Our building was built in 1987, so it’s just new enough that it lacks any of the old-timey charm our previous homes have had and it’s just old enough that everything in it is slightly tacky. It’s not that it isn’t nice enough. It’s nice enough. I thought it was really shabby when we first moved in, but now that I’ve scrubbed the whole place down – I’m not kidding, I had to use steel wool in the showers and a pumice stone on the toilet – I see that it’s not shabby, it just looks like an eighties-era Motel 6.
I think that’s what we’ll call this place. The Motel. It’s significant because this home is only temporary. Sure, we’ll be here for a few years, three, four, five maybe, but as soon as we can buy a house we’ll be outey like gouty. What?
We got this place for two hundred bucks below our budget, and it has nearly everything we wanted except hardwood/laminate flooring. It’s carpeted, but I think it might be the original carpeting from 1987, so when Theo rubs his ass on it I don’t feel as bad. Of course I want to get the dog butt-smear out of the carpeting, but I don’t feel guilty about it.
When we were apartment hunting we looked at this really nice condo just a few blocks from where we live now. It was only a one-bedroom and it was more expensive than the Motel, but it had a brand new washer and dryer in unit. It only had two windows, but it had a washer and dryer, a dishwasher, and a walk-in closet. We were so excited to see it. We walked in and the owner greeted us at the door, smiled warmly, held out his hand, and asked us to take off our shoes.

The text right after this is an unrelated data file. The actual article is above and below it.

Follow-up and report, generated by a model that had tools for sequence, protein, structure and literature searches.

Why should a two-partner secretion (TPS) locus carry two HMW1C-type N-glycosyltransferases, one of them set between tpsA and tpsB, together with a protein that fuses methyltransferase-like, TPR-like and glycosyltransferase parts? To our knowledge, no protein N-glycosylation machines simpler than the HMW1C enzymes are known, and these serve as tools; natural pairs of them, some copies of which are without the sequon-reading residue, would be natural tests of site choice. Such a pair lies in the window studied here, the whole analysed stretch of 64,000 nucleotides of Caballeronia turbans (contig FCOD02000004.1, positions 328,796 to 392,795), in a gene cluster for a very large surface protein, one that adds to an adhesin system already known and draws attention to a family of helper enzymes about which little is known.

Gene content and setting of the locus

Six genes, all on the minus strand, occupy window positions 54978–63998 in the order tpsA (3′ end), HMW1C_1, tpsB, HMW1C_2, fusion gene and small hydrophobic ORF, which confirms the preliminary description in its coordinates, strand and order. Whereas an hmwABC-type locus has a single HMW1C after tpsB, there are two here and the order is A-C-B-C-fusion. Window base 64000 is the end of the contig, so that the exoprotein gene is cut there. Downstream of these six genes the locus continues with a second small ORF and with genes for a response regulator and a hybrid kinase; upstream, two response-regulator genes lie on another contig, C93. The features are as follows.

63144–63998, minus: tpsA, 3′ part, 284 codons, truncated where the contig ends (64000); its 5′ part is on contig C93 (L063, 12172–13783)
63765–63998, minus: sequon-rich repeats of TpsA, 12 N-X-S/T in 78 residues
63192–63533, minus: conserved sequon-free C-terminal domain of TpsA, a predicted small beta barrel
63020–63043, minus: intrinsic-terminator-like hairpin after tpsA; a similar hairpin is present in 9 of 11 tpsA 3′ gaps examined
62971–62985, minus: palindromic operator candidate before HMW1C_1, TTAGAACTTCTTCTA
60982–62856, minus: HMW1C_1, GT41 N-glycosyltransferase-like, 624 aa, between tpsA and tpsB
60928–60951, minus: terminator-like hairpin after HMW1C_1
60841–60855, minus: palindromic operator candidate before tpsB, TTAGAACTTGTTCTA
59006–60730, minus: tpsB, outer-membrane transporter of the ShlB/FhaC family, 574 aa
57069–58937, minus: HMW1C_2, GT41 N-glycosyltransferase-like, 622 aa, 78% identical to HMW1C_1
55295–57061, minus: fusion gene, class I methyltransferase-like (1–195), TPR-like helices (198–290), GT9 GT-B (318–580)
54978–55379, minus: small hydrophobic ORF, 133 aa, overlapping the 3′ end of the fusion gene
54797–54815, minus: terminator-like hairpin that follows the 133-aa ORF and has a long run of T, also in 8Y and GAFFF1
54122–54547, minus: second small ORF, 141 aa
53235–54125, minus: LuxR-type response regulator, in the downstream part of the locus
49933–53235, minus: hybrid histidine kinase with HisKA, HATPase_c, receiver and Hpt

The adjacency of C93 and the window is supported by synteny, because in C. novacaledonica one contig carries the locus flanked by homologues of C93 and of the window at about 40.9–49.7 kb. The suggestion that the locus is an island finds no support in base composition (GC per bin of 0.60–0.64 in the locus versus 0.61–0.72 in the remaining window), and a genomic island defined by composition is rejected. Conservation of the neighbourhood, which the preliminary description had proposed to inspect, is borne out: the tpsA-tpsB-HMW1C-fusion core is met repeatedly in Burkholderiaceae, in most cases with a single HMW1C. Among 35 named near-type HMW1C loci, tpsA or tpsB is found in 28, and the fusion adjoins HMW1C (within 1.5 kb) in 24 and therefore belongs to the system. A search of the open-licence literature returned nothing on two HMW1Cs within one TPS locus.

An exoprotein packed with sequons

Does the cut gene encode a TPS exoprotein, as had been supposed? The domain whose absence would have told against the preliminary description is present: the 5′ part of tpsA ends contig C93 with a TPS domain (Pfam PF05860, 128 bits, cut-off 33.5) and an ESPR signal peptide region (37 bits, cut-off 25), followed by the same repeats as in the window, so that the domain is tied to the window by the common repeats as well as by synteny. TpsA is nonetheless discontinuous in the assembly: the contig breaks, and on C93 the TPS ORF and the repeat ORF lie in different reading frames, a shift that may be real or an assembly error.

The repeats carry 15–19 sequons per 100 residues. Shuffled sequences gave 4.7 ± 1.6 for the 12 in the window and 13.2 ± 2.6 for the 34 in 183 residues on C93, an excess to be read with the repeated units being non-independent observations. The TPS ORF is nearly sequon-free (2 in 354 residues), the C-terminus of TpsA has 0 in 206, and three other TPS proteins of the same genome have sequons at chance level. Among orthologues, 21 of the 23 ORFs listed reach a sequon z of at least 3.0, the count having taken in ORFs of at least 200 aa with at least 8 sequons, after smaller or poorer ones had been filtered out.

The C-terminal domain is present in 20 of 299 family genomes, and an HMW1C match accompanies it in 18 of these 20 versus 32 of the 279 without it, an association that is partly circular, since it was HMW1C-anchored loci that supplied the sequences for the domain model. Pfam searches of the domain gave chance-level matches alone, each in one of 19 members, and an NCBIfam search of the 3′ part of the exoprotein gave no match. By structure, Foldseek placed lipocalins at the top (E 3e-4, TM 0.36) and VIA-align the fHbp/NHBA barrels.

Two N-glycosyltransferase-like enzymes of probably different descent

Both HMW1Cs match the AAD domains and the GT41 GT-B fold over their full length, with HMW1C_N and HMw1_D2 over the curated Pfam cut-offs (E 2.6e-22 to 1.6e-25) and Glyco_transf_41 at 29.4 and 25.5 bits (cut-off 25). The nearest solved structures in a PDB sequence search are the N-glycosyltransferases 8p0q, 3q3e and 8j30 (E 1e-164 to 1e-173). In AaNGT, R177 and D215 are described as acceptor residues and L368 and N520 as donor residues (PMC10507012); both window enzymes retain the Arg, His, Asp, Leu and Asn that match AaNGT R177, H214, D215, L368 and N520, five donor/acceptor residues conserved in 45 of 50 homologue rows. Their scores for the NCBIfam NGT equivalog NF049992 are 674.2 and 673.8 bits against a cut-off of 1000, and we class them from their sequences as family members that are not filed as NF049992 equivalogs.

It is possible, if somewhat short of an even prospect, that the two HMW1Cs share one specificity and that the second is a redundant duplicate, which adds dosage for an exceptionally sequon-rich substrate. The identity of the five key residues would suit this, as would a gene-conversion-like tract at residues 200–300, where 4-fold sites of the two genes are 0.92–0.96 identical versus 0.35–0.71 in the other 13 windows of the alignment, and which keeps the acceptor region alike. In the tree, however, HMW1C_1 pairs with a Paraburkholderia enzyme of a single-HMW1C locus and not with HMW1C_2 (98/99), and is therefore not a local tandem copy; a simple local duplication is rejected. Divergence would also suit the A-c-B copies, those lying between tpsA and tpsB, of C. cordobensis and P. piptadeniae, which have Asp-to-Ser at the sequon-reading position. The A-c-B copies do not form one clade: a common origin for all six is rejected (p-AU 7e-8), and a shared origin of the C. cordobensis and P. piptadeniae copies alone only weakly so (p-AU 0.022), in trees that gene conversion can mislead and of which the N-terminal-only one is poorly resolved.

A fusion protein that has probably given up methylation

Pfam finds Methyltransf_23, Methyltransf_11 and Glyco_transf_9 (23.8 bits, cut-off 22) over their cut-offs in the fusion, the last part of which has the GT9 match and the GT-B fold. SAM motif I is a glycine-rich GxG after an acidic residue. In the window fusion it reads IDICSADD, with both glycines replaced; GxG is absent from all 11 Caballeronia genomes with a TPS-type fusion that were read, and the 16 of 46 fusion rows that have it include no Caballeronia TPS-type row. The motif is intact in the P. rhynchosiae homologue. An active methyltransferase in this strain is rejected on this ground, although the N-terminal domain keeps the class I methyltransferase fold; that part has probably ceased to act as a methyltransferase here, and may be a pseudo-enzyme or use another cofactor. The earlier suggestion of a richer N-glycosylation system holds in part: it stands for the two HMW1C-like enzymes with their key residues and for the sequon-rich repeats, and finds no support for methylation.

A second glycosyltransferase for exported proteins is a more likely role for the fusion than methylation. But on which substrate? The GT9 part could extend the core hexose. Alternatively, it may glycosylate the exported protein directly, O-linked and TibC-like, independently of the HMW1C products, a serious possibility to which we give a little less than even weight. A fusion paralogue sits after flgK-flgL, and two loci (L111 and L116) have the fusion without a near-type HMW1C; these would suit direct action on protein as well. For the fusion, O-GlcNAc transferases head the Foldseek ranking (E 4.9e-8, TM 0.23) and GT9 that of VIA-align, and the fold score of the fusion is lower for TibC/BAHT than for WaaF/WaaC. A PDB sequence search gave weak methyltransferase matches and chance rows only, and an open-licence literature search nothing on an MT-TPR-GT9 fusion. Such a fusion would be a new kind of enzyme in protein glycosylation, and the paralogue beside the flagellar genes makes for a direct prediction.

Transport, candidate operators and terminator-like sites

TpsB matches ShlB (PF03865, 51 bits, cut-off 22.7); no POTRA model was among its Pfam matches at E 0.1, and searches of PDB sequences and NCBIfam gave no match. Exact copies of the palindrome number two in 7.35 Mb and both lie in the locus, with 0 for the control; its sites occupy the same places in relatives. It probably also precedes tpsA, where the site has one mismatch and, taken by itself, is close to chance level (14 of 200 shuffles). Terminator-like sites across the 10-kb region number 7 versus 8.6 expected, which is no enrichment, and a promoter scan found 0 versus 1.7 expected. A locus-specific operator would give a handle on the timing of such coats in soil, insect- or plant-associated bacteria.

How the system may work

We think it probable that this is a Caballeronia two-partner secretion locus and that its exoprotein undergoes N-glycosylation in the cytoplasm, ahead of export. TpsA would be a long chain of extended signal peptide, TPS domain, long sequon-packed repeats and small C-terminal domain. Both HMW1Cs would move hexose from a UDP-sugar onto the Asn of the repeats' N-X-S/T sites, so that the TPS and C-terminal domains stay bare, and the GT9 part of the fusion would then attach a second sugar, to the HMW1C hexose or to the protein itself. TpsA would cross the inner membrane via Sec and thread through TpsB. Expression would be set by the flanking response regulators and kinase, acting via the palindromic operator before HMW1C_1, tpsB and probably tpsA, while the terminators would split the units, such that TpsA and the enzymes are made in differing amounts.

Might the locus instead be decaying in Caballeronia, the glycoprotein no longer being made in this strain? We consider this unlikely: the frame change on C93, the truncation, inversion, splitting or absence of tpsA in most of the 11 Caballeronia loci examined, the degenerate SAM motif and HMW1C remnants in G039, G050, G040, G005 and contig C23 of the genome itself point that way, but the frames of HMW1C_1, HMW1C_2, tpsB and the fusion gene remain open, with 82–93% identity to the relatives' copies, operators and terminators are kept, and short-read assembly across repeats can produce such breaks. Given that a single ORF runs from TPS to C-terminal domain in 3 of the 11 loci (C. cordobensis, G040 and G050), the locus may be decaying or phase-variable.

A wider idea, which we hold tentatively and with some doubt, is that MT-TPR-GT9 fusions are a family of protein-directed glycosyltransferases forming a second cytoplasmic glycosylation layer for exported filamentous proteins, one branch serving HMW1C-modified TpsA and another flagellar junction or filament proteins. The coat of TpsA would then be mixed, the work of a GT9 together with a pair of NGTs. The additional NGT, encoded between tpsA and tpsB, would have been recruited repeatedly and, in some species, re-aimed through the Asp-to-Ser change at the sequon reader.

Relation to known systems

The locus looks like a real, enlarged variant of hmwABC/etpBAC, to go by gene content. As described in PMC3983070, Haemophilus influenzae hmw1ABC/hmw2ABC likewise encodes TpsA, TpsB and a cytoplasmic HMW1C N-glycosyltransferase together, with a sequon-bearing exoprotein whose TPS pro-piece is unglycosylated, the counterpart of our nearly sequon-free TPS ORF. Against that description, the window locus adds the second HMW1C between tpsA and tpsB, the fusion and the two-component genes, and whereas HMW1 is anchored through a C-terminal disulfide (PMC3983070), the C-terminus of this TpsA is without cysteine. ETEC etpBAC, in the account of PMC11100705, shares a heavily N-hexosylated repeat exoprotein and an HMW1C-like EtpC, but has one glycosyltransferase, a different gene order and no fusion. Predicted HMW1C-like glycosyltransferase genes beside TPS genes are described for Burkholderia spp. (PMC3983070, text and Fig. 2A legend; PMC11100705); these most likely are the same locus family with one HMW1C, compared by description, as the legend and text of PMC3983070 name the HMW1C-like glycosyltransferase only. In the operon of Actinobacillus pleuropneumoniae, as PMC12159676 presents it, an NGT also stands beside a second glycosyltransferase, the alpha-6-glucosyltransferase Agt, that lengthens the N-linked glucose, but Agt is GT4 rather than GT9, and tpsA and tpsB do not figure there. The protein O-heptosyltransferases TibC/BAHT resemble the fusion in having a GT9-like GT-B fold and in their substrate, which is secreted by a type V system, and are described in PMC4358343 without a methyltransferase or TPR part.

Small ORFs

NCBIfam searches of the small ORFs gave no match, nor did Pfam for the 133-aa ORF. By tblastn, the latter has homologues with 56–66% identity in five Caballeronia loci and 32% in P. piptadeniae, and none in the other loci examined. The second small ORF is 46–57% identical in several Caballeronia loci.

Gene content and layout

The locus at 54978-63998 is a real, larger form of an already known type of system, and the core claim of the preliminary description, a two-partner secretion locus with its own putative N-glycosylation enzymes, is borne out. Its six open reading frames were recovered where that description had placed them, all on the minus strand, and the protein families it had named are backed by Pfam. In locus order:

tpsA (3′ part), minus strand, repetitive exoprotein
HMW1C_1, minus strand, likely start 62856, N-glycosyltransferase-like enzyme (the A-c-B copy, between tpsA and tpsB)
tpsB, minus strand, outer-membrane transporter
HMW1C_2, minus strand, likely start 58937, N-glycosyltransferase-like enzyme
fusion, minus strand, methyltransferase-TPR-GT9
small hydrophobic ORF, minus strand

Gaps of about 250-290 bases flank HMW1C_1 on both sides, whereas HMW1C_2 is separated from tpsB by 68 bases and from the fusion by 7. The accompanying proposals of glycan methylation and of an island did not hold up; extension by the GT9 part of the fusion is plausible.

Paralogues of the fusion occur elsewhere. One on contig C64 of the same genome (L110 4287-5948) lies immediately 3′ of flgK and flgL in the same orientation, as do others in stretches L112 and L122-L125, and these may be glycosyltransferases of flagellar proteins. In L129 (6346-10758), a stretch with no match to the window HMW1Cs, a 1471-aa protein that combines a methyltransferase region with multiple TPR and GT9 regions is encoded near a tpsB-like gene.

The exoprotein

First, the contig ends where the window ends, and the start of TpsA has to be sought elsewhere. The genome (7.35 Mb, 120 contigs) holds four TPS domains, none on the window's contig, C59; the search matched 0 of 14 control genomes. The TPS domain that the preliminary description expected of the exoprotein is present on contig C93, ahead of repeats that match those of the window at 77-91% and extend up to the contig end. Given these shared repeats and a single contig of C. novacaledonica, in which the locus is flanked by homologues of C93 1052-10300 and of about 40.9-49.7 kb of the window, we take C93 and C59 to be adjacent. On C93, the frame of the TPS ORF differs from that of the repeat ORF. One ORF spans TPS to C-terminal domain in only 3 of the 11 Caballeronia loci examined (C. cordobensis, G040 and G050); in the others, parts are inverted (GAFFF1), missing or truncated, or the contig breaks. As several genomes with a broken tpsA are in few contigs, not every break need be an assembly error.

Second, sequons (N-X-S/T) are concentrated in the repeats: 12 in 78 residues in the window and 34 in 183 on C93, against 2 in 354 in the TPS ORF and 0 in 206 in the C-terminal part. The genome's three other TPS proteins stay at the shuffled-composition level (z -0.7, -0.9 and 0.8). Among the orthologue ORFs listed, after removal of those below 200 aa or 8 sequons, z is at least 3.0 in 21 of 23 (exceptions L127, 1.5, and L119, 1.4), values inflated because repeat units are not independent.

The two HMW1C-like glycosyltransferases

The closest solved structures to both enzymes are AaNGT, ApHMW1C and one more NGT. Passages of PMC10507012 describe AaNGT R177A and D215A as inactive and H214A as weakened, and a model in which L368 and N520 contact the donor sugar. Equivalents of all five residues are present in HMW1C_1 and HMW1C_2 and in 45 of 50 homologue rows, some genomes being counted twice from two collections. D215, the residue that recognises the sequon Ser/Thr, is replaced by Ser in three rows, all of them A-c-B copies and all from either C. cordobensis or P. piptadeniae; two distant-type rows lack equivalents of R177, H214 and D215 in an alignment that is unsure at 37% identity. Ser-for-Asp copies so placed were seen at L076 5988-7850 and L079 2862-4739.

This is my biggest pet peeve. I understand why people want you to take your shoes off in their house, I get the logic behind it completely. But when I have had no advance warning and my toenails are all scabby looking and my feet stink because I’ve been wearing heels all day, and I walk into a stranger’s home and they ask me to take my shoes off, it is all I can do not to turn and run in the opposite direction. Also? Mike and I and our five animals have no business renting a condo from people who want us to take our perfectly clean shoes off before we walk into the condo we are trying to rent.
If I lived in that condo I would spend the next five years having a panic attack whenever Theo wiped his ass on the floor. In the Motel I don’t have to sweat it because the landlady didn’t even charge us a pet deposit. She actually used the words, “I do not care about the carpeting,” when we mentioned our animals. Not that we’re not going to take care of the carpet, because dear me, we are, we absolutely are. I cannot live with dog ass in my carpeting. I will scrub every unsightly stain, I just won’t feel guilty over it.
Does that make sense?